June 23rd, 2016

Postcards from the Edge by Carrie Fisher

book 43:  Postcards from the Edge by Carrie Fisher

I suspect this is a semi-autobiographical novel that is told in journal-like or internal thought-like stream of consciousness episodes, mostly from the point of view of a hollywood actress and recovering drug addict and a few of the people she is involved with.  The novel deals a lot with perceptions of reality, how to escape those perceptions and the price of doing so, and how to cope with living with the reality that you have.  Carrie Fisher has a smart, snarky, and humorous writing style.  It's a funny book.  Something was just a bit off with me, I think, while reading it.  Maybe some of the introspections were too close to home, or I felt distanced from the drug and hollywood culture.  I don't know.  It was good, but I could have stood smaller doses,  I guess.  My personality is too similar to the main character, if not my setting or circumstances.  Anyway, I think I could compare this to Bridget Jones' Diary, except darker, Hollywood, and on drugs.

Books #33-34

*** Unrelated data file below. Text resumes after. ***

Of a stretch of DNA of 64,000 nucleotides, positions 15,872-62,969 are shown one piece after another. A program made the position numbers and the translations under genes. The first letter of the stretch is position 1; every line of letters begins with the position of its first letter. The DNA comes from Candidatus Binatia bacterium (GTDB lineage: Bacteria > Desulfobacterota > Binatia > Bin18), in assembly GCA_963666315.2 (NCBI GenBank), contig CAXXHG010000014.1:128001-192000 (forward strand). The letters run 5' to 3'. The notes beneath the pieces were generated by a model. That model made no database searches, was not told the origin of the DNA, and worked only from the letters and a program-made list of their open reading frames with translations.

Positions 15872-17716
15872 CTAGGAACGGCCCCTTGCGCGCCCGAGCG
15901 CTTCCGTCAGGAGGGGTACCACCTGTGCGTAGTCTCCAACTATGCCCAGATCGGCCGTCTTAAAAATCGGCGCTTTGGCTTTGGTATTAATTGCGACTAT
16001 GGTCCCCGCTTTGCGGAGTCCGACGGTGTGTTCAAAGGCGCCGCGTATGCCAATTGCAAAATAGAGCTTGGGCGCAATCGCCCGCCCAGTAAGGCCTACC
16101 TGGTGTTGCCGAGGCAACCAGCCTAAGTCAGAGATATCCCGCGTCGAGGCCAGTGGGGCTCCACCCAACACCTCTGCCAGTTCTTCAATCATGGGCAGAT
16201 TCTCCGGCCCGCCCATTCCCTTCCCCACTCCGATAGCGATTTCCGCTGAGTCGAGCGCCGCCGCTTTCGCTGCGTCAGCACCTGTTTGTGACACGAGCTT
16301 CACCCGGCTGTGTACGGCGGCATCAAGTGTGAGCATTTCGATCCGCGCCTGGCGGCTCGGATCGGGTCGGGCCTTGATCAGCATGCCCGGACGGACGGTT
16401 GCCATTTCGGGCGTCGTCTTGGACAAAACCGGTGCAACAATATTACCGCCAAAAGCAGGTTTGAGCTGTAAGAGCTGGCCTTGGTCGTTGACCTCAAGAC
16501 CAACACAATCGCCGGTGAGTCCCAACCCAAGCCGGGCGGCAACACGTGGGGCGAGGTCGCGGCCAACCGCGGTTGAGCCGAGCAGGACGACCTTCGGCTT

Book #33 was "The Summer Prince" by Alaya Dawn Johnson. I ran into the author in an elevator at a local convention, and I wish I had read this book before I met her because I would have gone full-on fangirl on her and squeed about how much I LOVED this book. It's a YA dystopian novel set in a futuristic Brazil, when some kind of nuclear disaster has radically changed the earth's climate and political structures. Teenage aspiring artist June Costa lives in Palmeres Tres and has a best friend name Gil. Her city elects a "Summer King" every 5 years who gets to live for one year as king and then appoints the new queen as he is sacrificed at the end of his reign. June falls in love with the newly-elected Summer King, Enki, but Enki falls in love with Gil. Over the next year, Enki becomes June's close friend and artistic collaborator, and June begins to understand the ways her city is corrupt and in trouble and begins to question the way queens are appointed and young men are elected to be summer kings. This is very, very loosely based on the Epic of Gilgamesh, with the thematic elements of city vs. wilderness and necessary sacrifices coming through from the myth. I adored everything about this book, including the design of the hardback, and I am excited to see what else Johnson will write in the future. Highly, highly recommended.